I was at an amazing water birth at Monash medical centre the other day which has left me high and singing the praises of this new mother and father. What made this birth just that bit extra special or different is the engagement that the birthing mother had with her own body, partner, and with her baby, through the birth process.
Interestingly her time of challenge was well before labour became active. It was in the early stage where her conscious mind kept whispering little thoughts of doubt about whether she was ever going to get into full swing. This is a time physiologically where the hormones oxytocin and endorphins haven't yet flooded a labouring woman's body to the degree that it takes her into an altered labour land state.
But, she kept breathing calming with her contractions. She focused on resting in between and she ate well to keep up her energy levels. I was with her through about 10 hrs of early labour, giving time for her hubby to catch up on some needed sleep. When active labour finally kicked in the team was ready to go. She dropped even deeper into her body and welcomed the surges as they strengthened. With renewed confidence she didn't look back and her labour progressed well. She was one of the happiest birthing women I've ever supported. She had a lucid presence and joy that she was birthing her baby, soon to finally meet, that over rid any pain she might have sensed. She was excited and nothing was going to rob her of feeling happy about it.
Eventually She started to feel grunty and the urge to push at the peak of the contraction became more irresistible over the next couple of hours. Initially the staff had said there were no trained water birth attendants available to offer that option but the morning team were just clocking on and a male midwife from the old birth centre could assist. I was excited to hear this and mentioned to her that she could get into the bath. She didn't seem too fussed about the whole idea and thought she'd just stay on the bed, arms draped over the araised end of the bed. I wasn't quite sure she realised how lovely and soothing the warm water could be. I also knew that i'd seen more women catch their babies in water than I had on land and I sensed she would feel pretty chuffed bout her birth if this came to be her reality. I gently mentioned the benefits and that I thought she would like it. She could after all get out again if it wasn't for her. She said "let's do it" and she waddled past 2 rooms to get into the oval warm soothing bath. She loved it!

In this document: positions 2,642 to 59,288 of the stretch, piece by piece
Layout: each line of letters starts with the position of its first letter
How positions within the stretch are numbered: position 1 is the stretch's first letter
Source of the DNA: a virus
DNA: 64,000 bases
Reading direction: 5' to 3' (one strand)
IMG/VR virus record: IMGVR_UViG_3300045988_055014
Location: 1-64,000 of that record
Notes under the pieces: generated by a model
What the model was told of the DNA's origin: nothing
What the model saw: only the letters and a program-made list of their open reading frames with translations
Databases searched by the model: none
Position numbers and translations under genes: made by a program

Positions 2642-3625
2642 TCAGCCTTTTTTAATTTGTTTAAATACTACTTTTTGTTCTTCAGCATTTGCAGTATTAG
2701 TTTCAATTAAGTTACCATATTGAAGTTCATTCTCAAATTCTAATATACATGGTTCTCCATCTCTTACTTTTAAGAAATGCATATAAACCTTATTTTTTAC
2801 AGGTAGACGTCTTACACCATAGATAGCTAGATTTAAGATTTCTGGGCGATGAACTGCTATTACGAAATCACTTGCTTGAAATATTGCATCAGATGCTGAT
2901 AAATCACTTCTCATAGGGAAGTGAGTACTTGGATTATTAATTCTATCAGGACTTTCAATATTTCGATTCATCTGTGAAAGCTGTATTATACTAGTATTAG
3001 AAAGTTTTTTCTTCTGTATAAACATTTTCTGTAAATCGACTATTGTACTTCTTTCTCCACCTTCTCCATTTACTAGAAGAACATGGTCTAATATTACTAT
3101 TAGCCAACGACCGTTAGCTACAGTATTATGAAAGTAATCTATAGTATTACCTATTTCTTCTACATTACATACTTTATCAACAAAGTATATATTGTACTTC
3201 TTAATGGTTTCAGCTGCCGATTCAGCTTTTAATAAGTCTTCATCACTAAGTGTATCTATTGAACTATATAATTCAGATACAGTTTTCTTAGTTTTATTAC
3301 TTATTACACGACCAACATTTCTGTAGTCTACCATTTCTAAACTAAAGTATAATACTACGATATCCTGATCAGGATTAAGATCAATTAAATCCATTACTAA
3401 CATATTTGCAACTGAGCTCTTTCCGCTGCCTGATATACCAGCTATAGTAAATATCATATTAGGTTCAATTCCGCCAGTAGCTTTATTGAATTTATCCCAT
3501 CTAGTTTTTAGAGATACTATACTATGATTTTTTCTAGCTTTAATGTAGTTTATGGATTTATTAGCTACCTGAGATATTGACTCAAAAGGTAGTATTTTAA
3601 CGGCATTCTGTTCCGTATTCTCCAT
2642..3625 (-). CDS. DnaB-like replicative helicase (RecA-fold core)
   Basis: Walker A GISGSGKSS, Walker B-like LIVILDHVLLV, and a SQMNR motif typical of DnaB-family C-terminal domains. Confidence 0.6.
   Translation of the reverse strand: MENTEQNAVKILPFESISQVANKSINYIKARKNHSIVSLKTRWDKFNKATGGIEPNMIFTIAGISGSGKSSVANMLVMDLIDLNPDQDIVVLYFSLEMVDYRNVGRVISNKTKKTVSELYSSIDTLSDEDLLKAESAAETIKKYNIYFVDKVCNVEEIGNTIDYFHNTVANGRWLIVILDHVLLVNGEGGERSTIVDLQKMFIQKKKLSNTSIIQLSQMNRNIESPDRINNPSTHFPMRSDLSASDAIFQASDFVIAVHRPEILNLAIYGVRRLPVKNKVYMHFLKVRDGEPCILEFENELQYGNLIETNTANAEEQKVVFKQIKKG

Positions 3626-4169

The midwife made the lights dim, the team filed in and quietly supported in anticipation and reverence. The awesome part that I witnessed next was her comfort to touch her baby's head as it started to crown. Most women don't reach down there. As she could feel her vagina stretch, she moved one arm behind her leg to give gentle counter pressure to her perineum. With her other hand she grunted and pushed her baby's head slowly out little by little with each contraction. She felt the baby's head fill her hand as she paced the crowning perfectly for her. She moved from floating on her back to full squatting. The baby's heart rate was not as reassuring to the on looking midwives and before 'having to' get out of the bath, another position was tried. The birthing mother went into a lunge and in that last position she guided her baby into her arms. The dad was there and helped swim their little fish between her legs and onto her warm welcoming chest. Oh they were so elated. They were flying high with the joy of it all. She said moment after "I love everyone in this room”.
I am grateful to have been witness and support to this couple. They have fuelled the passion, once again, to continue the work and lifestyle of being a doula. Erika